ENT Nuffield Medical

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Head & Neck Cancer

Head and neck cancer are the world’s No 7 most common cause of cancer-related deaths. Every year, more than 660,000 new cases are diagnosed and 325,000 die from it.

Head and neck cancer is complex to diagnose because it can affect different parts of the head and neck

Malignant tumours can occur anywhere among these:

  • Voice box or larynx
  • Nasal cavity, the passage behind the nose that air passes through it on its way to the throat during breathing
  • Mouth or oral cavity
  • Paranasal sinuses, spaces around the nose, lined with cells that make mucus that keeps the nose from drying out.
  • They are also a space that allows your voice to echo when you talk or sing.
  • Throat or pharynx
  • Salivary glands, the glands that make saliva, which keeps food moist and helps dissolve food

Look out for symptoms here:

nose congestion

Congestion, pain and bleeding, loss of smell​

mouth ulcers

Ulcers, white patches


Pain, difficulty with swallowing, hoarseness, swelling in tonsils

neck lump

Swelling, difficulty with swallowing, lump in the neck

hearing loss

Hearing loss, tinnitus, ear blockage, discharge both foul-smelling or odourless, facial weakness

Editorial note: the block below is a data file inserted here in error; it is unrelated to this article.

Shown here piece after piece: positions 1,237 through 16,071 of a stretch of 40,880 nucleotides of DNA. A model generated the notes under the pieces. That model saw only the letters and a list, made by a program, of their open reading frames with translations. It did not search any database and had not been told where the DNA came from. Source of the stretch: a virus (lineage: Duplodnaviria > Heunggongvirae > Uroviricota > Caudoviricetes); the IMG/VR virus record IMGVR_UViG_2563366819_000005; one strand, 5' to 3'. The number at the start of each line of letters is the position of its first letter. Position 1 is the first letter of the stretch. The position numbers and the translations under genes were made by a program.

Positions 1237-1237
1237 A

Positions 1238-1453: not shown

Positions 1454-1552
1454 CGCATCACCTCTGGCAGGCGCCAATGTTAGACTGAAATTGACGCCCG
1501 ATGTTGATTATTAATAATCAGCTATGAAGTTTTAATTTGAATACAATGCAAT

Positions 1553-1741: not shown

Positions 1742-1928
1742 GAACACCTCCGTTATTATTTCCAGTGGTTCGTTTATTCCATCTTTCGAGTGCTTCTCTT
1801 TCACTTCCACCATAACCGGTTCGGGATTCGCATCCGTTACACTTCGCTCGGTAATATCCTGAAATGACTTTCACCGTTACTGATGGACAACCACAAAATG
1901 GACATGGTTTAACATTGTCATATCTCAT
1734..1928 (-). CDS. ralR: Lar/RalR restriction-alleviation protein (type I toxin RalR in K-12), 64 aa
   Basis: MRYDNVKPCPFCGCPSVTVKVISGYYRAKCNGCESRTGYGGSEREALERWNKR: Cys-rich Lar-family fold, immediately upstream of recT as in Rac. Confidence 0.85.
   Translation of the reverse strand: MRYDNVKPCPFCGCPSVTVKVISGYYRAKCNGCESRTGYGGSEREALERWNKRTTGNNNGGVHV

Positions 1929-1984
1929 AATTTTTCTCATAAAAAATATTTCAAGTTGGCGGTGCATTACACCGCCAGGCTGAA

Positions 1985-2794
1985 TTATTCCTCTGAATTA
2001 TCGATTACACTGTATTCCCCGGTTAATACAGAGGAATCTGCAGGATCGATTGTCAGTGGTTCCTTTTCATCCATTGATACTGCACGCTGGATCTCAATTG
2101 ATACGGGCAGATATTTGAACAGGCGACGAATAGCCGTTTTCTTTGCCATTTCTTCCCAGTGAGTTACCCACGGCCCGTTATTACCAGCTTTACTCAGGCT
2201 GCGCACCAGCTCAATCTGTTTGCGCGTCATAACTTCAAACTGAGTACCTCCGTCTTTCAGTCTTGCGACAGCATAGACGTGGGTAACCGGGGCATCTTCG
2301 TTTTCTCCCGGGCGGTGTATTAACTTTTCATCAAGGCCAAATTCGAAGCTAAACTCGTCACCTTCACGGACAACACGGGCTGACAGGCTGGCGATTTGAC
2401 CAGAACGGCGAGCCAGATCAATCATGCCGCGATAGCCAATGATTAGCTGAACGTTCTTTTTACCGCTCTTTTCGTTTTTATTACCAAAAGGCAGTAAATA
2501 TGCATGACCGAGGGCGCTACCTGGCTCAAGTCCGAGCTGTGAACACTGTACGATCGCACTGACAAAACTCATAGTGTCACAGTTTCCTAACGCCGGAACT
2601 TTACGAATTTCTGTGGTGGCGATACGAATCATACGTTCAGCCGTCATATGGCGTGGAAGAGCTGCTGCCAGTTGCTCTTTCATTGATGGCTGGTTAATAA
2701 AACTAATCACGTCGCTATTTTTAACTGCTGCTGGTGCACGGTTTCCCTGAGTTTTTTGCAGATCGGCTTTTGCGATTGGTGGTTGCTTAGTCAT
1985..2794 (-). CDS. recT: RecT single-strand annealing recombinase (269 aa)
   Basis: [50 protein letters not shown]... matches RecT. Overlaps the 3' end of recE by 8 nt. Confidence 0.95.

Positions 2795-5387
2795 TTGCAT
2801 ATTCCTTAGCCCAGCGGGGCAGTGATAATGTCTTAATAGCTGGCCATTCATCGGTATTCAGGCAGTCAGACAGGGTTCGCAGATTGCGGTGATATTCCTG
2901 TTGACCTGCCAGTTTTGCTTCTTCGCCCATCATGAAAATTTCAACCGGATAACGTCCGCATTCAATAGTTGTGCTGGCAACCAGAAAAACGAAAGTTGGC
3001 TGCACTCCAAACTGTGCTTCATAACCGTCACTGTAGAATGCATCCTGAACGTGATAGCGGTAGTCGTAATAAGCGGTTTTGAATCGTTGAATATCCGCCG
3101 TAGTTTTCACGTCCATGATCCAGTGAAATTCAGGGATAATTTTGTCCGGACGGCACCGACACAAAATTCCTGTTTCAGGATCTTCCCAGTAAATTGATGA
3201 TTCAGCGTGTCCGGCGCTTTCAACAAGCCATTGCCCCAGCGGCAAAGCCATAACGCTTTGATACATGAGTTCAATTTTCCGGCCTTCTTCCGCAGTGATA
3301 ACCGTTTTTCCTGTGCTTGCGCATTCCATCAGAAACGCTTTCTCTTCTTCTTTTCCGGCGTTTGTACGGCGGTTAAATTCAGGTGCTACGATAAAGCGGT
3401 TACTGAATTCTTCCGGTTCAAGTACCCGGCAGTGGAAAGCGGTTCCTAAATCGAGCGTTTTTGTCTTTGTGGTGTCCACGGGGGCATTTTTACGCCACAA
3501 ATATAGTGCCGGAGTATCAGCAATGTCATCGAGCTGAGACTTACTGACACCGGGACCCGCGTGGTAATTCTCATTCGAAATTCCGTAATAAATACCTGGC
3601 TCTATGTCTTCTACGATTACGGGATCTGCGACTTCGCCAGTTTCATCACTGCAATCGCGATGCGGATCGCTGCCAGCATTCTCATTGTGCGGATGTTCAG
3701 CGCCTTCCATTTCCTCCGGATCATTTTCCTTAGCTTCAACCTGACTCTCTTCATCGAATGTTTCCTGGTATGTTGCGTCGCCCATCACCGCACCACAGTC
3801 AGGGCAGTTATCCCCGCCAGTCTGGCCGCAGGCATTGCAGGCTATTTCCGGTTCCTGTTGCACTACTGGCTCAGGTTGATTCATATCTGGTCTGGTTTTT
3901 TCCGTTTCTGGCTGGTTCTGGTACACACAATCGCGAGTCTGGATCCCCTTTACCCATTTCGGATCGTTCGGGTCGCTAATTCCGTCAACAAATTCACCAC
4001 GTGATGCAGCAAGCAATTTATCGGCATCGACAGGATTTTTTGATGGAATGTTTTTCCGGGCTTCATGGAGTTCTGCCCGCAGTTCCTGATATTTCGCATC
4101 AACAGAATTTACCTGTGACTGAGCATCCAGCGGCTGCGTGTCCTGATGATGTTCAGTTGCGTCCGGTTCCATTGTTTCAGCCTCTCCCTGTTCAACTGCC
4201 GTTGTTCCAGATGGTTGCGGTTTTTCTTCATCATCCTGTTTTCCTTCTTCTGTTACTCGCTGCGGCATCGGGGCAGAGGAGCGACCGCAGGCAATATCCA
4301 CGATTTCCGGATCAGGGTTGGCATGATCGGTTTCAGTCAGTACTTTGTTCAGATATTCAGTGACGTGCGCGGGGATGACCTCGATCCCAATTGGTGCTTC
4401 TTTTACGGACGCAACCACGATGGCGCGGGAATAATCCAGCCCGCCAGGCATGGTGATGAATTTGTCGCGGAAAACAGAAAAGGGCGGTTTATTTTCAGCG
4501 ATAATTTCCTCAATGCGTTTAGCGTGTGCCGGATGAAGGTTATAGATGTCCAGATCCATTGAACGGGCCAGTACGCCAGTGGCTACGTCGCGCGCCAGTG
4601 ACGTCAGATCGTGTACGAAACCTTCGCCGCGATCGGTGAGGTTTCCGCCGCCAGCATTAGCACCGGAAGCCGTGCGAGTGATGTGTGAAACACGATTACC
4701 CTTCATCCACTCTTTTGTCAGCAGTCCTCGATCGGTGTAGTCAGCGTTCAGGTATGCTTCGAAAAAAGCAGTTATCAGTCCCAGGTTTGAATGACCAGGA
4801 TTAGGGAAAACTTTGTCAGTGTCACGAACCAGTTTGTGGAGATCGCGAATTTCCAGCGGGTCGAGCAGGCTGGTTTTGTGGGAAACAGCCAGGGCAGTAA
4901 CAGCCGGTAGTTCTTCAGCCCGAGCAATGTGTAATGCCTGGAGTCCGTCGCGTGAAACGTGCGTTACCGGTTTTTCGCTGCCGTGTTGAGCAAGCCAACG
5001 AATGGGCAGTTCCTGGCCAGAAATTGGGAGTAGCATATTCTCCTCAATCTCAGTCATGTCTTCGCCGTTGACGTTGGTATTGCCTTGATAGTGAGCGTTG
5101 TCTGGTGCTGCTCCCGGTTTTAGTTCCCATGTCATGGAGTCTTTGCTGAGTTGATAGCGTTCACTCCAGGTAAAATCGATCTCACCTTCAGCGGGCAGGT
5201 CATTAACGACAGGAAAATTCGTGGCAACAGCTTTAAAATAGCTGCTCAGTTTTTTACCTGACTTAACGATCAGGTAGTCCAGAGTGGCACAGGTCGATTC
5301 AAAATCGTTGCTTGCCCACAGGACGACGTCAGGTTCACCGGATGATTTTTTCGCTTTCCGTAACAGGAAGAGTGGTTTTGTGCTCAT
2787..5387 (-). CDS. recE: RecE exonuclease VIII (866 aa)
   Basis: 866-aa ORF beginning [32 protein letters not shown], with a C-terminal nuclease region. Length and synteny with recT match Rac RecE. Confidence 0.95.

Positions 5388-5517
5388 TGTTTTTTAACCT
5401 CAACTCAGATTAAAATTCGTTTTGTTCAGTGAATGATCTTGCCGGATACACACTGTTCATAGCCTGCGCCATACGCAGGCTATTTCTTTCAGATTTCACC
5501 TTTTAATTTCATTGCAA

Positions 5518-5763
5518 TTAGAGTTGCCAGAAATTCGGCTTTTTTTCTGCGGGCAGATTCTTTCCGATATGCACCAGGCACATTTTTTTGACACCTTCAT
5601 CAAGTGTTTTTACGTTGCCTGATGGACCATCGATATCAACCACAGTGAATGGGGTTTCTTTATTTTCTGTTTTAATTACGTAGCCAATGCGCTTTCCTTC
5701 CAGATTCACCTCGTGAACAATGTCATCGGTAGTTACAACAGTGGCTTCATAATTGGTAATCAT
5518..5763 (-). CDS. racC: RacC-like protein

Symptoms don’t necessarily indicate cancer so it’s recommended to consult an ENT specialist to determine the cause of discomfort.

Smoking and drinking can increase risk of Head and neck cancer

Head and neck cancer is more common among men than women. It also affects more people aged 50 and older.

Mouth, throat and voice box are the more common forms of head and neck cancer, while paranasal, nasal cavity and salivary gland occur less frequently.

So do the following:

  • Excessive UV exposure
  • Radiation
  • Inhalation of wood or nickel dust
  • Poor oral hygiene
  • HPV infection

How an ENT specialist diagnoses head and neck cancer

During a consultation, your ENT specialist will discuss your medical history and symptoms, after which a physical examination will be done to assess any masses and swollen lymph nodes, as well as nose, mouth, tongue, throat and gums.

Other follow-up tests may involve the following:

  • CT/PET/MRI scans to locate a suspected tumour.
  • Biopsy to assess if a tumour is malignant.
  • Endoscopy to examine abnormal tissues.
  • Staging to determine if cancer has spread to other parts of the body.

Treatment options for head and neck cancer

This depends on the severity of your cancer, age, and health condition. Options include surgery, radiation therapy, chemotherapy, targeted therapy, immunotherapy, or a combination of treatments.

Head and neck cancer is generally considered treatable and curable. The 5-year survival rate of patients with head and neck cancer is nearly 60%.